Copy link

Elections, political tensions, accelerated regulation and shifting sands of opportunity are some of the factors influencing law firm movements in the region. Like never before, the turnstyle of firm exits and entries provides a pulse count of regional business, writes Brian Yap

Law firms across Asia are experiencing differing challenges and opportunities in light of today’s events, which range from elections and regulatory changes to rising interest rates and US-China tensions. In China, while talk of exits by global law firms amid the country’s strained relations with the US has flooded mass media, a reverse trend of expansion into the world’s second-largest economy by other international law firms has been in motion.

India has also been bucking a trend by running a robust equity capital market during a general downturn in initial public offerings across Asia under a high interest rate environment.

The Philippines has moved into the limelight as a previously overlooked market, with two of Japan’s largest law firms having recently established outposts in the country. Thanks to regulatory changes and government-led economic initiatives, law firms in the country have been benefitting from growing deal activity in sectors including energy, infrastructure and construction.

Regulatory changes in Thailand and South Korea in the capital markets and financial technology sectors, respectively, have been keeping investors on edge. But the regulatory tightening measures have also sent companies knocking on law firms’ doors.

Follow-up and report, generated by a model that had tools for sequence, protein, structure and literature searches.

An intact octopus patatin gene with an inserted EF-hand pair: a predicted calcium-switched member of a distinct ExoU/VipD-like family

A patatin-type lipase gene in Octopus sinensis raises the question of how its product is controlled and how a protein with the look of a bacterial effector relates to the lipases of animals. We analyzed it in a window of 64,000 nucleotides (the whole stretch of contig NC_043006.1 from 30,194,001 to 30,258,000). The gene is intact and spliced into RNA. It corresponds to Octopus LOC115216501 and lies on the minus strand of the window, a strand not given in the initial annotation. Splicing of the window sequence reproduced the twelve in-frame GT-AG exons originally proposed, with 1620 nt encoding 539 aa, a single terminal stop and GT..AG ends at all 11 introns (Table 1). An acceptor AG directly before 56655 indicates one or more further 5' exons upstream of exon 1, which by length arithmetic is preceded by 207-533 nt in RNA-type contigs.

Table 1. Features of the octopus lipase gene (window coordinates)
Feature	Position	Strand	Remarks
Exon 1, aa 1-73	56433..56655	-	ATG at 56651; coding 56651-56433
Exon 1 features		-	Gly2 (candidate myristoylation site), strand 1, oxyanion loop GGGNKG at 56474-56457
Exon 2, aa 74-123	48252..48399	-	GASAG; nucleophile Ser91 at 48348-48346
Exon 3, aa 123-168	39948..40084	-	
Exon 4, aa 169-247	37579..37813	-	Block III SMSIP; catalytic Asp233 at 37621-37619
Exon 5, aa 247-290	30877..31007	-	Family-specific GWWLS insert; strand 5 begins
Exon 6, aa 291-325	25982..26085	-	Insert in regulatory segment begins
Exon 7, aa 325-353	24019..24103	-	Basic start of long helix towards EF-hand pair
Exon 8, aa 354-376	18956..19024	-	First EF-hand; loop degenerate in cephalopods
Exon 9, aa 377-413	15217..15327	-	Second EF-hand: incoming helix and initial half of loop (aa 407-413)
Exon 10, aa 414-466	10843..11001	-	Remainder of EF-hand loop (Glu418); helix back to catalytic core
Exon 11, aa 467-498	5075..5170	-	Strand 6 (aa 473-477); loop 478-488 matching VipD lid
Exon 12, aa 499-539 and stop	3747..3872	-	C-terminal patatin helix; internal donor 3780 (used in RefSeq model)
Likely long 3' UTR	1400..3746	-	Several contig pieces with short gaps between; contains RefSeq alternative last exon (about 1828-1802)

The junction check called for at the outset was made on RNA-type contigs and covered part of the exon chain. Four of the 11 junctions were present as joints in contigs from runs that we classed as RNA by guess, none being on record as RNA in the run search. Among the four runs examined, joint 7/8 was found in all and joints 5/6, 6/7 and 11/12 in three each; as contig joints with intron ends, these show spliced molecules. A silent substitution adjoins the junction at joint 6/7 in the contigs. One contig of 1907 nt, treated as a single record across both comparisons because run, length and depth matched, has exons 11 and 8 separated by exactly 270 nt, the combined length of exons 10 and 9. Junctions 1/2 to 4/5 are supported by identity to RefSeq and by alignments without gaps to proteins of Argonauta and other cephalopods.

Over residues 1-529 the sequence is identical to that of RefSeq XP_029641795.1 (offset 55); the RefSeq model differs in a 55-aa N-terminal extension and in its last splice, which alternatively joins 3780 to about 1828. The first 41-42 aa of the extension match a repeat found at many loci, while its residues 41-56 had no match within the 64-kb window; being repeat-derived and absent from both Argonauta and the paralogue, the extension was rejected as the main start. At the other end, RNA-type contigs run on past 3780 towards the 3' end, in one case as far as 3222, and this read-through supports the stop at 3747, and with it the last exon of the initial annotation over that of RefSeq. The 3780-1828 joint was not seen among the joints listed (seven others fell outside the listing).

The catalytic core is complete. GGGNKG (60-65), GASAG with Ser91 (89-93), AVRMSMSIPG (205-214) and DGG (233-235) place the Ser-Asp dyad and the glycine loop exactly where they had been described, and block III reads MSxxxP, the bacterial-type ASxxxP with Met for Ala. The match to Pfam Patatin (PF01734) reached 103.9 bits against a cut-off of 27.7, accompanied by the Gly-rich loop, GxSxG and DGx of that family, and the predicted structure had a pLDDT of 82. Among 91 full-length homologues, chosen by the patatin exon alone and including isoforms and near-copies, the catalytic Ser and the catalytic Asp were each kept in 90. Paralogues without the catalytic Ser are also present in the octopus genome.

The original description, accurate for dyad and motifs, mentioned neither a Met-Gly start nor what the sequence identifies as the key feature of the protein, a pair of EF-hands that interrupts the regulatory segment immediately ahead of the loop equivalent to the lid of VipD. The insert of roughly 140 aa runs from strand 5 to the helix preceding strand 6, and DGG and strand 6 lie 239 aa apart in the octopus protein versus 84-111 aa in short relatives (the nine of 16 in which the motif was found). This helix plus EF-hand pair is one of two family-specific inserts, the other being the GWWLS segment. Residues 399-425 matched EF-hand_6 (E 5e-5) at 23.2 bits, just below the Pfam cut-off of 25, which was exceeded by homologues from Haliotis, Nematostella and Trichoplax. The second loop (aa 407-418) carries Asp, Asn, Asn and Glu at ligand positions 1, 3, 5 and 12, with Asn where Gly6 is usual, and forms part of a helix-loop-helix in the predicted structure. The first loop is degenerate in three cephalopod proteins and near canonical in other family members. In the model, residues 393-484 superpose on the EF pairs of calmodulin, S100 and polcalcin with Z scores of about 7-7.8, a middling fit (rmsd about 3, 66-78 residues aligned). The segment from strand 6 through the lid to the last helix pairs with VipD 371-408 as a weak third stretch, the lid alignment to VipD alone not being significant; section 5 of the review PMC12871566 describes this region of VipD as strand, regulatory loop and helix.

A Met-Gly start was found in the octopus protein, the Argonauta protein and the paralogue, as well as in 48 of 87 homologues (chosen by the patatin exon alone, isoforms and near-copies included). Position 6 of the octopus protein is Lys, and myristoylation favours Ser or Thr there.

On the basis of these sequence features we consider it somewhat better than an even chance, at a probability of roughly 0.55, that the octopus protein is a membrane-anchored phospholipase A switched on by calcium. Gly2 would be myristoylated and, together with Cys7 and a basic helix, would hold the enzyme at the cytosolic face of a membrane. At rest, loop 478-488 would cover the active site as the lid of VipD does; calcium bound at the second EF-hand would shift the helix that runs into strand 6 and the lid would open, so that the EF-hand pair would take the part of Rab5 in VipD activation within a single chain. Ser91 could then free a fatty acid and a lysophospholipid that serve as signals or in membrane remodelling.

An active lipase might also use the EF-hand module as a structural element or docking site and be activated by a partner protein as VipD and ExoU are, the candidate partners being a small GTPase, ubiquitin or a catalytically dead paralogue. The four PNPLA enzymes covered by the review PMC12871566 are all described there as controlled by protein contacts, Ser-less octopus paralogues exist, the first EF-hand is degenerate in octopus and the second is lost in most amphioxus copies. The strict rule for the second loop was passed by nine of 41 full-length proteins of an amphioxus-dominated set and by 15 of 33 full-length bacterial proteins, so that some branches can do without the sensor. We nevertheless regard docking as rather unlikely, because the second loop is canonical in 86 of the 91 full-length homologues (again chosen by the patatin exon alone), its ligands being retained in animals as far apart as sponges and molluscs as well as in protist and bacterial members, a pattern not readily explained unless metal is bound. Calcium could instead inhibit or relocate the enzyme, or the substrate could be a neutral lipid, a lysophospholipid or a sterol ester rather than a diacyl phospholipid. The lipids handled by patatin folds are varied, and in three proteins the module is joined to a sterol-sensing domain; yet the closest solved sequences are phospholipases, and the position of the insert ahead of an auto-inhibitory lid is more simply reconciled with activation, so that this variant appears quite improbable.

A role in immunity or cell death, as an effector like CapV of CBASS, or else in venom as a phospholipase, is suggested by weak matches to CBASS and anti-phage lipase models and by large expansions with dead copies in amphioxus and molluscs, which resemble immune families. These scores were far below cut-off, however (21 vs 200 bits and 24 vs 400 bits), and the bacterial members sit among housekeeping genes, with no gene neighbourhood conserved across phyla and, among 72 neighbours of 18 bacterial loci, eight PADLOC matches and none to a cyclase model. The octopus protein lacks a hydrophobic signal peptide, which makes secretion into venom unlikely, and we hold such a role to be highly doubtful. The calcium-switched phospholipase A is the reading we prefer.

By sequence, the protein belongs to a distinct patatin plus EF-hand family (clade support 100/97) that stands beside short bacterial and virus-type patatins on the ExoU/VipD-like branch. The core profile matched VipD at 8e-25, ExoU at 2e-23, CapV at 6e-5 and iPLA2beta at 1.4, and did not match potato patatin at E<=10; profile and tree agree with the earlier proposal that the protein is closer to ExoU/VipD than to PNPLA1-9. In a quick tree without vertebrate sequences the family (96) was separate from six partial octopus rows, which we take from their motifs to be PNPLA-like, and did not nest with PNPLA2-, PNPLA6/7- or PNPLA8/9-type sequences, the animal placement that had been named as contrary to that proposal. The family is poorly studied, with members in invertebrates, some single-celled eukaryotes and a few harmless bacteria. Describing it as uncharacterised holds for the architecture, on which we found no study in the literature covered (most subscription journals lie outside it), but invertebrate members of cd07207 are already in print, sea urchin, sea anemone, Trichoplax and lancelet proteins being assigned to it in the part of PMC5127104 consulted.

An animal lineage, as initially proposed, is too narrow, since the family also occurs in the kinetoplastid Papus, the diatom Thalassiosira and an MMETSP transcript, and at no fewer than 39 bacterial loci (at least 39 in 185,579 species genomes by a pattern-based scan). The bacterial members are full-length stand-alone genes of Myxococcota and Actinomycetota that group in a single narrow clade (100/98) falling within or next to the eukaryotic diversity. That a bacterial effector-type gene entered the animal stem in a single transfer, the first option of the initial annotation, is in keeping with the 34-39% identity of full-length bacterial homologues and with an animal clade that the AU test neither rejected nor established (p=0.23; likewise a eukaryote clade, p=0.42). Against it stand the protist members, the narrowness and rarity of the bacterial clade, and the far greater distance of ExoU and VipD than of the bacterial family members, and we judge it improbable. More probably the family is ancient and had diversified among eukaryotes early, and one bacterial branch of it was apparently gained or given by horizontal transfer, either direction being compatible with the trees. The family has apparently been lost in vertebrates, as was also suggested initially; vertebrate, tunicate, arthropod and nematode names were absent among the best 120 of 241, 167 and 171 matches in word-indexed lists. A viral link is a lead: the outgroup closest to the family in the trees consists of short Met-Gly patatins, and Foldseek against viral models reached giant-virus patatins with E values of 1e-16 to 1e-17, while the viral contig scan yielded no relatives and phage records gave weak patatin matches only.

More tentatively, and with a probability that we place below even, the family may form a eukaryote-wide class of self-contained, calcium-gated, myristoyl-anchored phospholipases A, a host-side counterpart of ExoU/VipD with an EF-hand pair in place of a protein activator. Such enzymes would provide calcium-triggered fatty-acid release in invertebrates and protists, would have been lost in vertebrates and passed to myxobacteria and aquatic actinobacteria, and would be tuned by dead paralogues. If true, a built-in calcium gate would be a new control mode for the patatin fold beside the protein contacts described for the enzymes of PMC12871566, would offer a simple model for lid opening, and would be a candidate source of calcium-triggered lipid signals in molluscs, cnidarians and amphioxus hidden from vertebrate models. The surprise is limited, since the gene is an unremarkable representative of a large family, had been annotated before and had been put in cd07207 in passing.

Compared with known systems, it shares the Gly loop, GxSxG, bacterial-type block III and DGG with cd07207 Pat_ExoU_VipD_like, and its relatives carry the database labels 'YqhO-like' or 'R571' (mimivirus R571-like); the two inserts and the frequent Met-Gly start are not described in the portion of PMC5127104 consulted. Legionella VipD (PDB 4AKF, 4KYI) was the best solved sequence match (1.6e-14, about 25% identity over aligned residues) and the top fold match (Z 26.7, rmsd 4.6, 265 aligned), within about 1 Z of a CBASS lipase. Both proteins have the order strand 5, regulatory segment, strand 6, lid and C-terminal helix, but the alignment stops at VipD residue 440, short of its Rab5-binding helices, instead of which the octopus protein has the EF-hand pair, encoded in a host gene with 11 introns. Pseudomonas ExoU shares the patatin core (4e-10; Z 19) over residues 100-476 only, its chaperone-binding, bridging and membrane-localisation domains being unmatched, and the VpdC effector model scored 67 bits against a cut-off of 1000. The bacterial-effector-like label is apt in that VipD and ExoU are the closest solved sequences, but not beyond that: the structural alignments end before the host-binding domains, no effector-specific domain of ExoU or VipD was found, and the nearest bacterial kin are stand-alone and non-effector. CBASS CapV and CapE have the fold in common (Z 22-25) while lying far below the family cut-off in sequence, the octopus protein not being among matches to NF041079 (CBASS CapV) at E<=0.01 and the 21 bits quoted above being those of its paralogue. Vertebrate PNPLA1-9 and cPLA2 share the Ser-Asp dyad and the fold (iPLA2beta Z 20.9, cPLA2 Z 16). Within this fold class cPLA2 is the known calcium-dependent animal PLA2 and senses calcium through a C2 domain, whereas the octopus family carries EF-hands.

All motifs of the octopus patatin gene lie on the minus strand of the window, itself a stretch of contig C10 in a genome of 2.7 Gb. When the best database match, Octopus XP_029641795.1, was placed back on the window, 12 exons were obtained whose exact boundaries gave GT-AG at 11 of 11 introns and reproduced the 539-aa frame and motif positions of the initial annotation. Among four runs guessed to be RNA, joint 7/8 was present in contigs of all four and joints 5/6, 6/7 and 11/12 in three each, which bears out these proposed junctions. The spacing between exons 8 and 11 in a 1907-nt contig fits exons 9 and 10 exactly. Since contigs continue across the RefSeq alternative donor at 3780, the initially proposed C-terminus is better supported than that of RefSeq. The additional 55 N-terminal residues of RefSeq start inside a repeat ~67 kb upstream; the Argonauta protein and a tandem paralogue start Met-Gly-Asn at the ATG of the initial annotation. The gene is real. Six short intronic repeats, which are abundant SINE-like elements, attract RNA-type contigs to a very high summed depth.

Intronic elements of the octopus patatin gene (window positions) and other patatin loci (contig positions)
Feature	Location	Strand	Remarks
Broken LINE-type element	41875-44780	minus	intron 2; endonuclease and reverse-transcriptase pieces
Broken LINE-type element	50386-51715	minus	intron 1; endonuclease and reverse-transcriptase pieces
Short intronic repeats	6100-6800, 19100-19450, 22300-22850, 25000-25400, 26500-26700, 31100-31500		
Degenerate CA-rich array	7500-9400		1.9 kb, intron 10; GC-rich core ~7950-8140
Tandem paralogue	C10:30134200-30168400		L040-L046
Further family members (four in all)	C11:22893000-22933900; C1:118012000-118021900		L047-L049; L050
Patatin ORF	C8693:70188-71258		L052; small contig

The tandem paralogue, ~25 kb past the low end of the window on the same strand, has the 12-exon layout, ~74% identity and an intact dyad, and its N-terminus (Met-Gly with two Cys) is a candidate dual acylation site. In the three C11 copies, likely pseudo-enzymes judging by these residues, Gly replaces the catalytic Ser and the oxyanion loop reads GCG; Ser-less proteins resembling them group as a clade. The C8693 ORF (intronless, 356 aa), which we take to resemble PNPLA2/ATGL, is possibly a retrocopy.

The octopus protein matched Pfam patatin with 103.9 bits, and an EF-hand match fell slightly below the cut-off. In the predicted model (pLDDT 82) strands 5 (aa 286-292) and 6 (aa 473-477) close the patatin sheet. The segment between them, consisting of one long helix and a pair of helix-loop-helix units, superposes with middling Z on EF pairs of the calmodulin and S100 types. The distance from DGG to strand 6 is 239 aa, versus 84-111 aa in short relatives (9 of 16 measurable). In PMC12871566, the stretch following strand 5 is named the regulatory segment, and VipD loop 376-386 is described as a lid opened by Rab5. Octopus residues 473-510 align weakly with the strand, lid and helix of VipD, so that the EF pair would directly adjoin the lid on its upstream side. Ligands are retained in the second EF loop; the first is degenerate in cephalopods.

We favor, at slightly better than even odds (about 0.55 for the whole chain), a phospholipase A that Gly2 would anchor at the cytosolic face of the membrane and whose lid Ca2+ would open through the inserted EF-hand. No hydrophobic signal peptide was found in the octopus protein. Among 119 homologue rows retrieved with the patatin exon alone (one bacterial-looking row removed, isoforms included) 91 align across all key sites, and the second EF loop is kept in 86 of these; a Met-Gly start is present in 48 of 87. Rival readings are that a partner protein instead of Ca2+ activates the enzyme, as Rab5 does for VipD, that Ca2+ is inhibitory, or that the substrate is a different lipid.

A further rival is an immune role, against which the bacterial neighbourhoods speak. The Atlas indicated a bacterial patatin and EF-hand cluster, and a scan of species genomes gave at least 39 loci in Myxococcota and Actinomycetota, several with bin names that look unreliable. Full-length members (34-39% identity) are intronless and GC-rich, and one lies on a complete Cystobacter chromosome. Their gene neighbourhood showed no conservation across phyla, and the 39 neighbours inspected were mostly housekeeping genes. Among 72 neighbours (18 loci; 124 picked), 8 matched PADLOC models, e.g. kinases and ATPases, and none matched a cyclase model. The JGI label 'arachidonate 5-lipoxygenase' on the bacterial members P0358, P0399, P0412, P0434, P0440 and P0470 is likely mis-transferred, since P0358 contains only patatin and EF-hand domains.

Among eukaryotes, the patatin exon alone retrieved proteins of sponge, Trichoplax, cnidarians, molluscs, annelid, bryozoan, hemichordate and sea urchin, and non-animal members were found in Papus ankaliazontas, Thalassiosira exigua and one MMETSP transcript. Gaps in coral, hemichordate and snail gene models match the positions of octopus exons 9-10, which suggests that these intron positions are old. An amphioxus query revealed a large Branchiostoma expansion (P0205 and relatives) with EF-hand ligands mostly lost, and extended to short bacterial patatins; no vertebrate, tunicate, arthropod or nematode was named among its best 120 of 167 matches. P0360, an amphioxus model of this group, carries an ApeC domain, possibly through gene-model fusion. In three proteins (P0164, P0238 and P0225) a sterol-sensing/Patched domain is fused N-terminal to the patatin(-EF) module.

Law firms have also been reaching out to an increasing amount of investment by Japanese and Chinese companies in Southeast Asia amid China’s economic slowdown.

For some Vietnamese firms, the growing amount of Southeast Asia-bound investment has been significant enough to consider striking strategic alliances with Chinese law firm partners to tap into a wider pool of Chinese investors.

Indonesia has been suffering from sluggish activity in the IPO market, but a smooth presidential election in February has led to a gradual pickup in market sentiment and deals. Along with an active flow of inbound M&A deals by foreign strategic investors, new regulations in the insurance space could trigger more corporate work, according to local lawyers.


Mainland China’s legal market has been marked by a series of exits and retrenchments by international law firms, particularly those headquartered in the US, amid continuing tensions between the US and China.

But while news including Akin’s Beijing office closure and Dentons’ end of its alliance with Dacheng Law Offices have made headlines in the past year, a number of global and regional law firms are reversing this trend and have set their sights on opportunities in China, particularly in the country’s Guangdong-Hong Kong-Macau Greater Bay Area (GBA).

These foreign players, many of whom have already been running operations in China for years, have been expanding their presence in the world’s second-largest economy with new office launches or strategic lateral partner hires.

Senior partners at those firms told that, particularly with the recent expansion of the Qianhai Shenzhen-Hong Kong Modern Service Industry Co-operation Zone, a special economic area in southern China, there is a fresh spring of legal work ranging from dispute resolution and intellectual property to shipping, technology and aviation for foreign law firms to tap into.